Being a Teacher is Being a Student
I never had to struggle or make a tough decision when it came to my career path. I always knew that I wanted to be a teacher. It wasn’t a choice, but rather an understanding from an early age. I was a babysitter, a day care worker, and a camp counselor. All of my positions growing up have brought me closer to becoming a caring, supportive, and guiding teacher. However, it is not possible to become a teacher without being a student as well. I would not be where I am today without the caring, supportive guidance of exceptional educators.
I began my undergraduate work with the gift of a small MSU key chain. It has held the keys of campus housing, cars, apartments and my home today. The key chain is a constant reminder of college pride and educational success from Michigan State University. My undergraduate work began with the pursuit of a Bachelors Degree in the field of education. I sought a double major in Child Development and Language Arts. After my fifth year of student teaching and graduate work in Curriculum and Planning, I was off to my own classroom. I immediately moved to Arizona with the promise of a kindergarten position. My experiences in Arizona have given life to my teaching style, but Michigan will always be my home. I have taught in Phoenix, Scottsdale, and now Birmingham, Michigan with the persistent goal of continuing my own education. When considering my graduate studies the question was always what, but never where. Michigan State University is my second home.
I had to take a serious look at my past, present, and future before choosing a graduate program at Michigan State University. I also had to take my lifestyle into consideration since becoming a full time student was not possible. My teaching and learning was changing, and this realization prompted my investigation into a Masters of Arts in Educational Technology (MAET). This program not only focused around teaching with technology but it actually did so with the use of technology. Online learning was new to me, but it seemed appropriate if I had the same expectations of my students. I was also seeing the introduction of new and exciting products like iPads, Smart Boards, cameras, not to mention the broad expanse of social media. All of which were being thrust into the classroom without an explanation, but an expectation to weave them into a changing curriculum. I knew the MAET program would be a great fit for my future in education, but I worried about maximizing the usefulness of technology in my current classroom.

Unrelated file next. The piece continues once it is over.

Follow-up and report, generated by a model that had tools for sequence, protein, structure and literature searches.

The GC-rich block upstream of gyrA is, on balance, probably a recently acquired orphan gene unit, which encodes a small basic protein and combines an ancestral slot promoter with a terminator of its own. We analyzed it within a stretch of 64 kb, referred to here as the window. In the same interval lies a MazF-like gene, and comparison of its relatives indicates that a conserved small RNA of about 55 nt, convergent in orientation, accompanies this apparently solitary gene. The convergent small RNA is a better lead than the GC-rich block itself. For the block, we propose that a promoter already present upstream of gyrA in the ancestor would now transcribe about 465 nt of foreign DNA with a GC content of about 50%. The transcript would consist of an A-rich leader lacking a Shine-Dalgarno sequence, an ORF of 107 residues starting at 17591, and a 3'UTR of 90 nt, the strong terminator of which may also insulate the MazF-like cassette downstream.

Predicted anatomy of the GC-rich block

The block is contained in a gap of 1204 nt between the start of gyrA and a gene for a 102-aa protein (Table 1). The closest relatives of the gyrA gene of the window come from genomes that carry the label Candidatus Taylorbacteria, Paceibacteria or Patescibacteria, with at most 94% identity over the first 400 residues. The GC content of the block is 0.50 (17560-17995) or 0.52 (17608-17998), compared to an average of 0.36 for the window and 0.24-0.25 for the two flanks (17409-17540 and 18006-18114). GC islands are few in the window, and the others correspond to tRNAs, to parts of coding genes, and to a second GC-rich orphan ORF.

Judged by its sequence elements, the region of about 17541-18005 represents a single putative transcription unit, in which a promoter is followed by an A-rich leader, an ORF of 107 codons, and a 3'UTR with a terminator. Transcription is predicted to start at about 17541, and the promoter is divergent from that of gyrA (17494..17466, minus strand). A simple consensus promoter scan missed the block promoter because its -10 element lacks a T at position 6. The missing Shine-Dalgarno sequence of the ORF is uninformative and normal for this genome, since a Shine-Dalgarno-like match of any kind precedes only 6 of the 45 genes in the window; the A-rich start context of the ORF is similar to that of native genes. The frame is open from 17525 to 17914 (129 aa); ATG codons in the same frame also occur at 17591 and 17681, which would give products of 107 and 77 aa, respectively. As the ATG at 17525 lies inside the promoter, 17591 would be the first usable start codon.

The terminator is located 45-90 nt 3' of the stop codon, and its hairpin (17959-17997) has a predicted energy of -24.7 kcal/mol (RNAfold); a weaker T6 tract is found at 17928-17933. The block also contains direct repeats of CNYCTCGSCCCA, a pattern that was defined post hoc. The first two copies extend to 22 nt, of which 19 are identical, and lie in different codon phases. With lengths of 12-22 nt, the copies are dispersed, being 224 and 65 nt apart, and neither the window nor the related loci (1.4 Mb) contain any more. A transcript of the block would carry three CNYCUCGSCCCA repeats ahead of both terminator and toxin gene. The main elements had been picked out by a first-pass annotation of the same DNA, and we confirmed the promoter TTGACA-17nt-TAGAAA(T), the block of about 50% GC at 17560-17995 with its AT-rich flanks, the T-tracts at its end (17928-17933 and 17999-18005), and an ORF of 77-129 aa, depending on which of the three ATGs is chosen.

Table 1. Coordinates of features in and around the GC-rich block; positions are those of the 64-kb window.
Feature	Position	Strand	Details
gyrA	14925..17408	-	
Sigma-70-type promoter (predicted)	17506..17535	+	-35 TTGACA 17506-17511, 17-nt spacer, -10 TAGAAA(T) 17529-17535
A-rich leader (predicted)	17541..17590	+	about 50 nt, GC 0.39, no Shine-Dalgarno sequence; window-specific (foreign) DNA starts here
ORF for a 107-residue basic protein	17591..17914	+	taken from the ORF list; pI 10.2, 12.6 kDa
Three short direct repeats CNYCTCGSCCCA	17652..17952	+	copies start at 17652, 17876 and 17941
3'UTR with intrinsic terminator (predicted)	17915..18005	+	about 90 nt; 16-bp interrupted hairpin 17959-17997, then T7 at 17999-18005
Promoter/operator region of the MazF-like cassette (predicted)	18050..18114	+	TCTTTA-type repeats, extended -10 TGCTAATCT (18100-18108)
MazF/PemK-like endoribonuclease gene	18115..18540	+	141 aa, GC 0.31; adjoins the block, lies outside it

First graders in the beginning of the year are really still kindergarteners. They are small, loud, and learning how to do everything from reading to playing fairly. How could I expect them to use technology with integrity? I immediately tried to change grade levels and teach the third grade !gnite program the following year. My attempts were unsuccessful, so I rolled up my sleeves and decided to do everything I could to bring first grade into the 21st Century.
My first experience with the MAET program was completing the Certification Coursework online. I had never taken an online course, not even in my undergraduate work, so it was a lesson in itself. In all three of the certification courses (CEP 810, 811, and 812) I was immersed in the world of technology, discovered my professional learning network and set goals for my future career path. Despite my assumptions that I knew a lot about technology, I quickly found that there was much more out there than I expected. This was a turning point in my education. In the certification courses I was encouraged to explore on my own and rediscover what it really means to be “online.” The fact that everything out there is within reach to anyone who is willing to type in a search engine or look up a podcast. I realized that I was connected to a community of educators dedicated to knocking down classroom walls that were cracked with traditions and outdated methods of instruction. I welcomed change in my first grade classroom by developing my own Rich Site Summary (RSS Aggregator) to keep me current on the latest Web 2.0 news. It felt like I was a part of a hidden society of professionals who were working together to improve student teaching and learning with MERLOT, Pinterest, Diigo, Twitter, and Blogs galore. I also learned that open access brought on a responsibility to use the newfound information in meaningful ways. The outline of TPaCK (Technology, Pedagogy and Content Knowledge) gave me direction and purpose to the integration of new ideas into my teaching practice. The puzzle pieces of best practices were falling into place and it renewed my passion as an educator. Throughout my certification coursework I was engaged, committed and ready to dig deeper into educational technology for the benefit of my future students.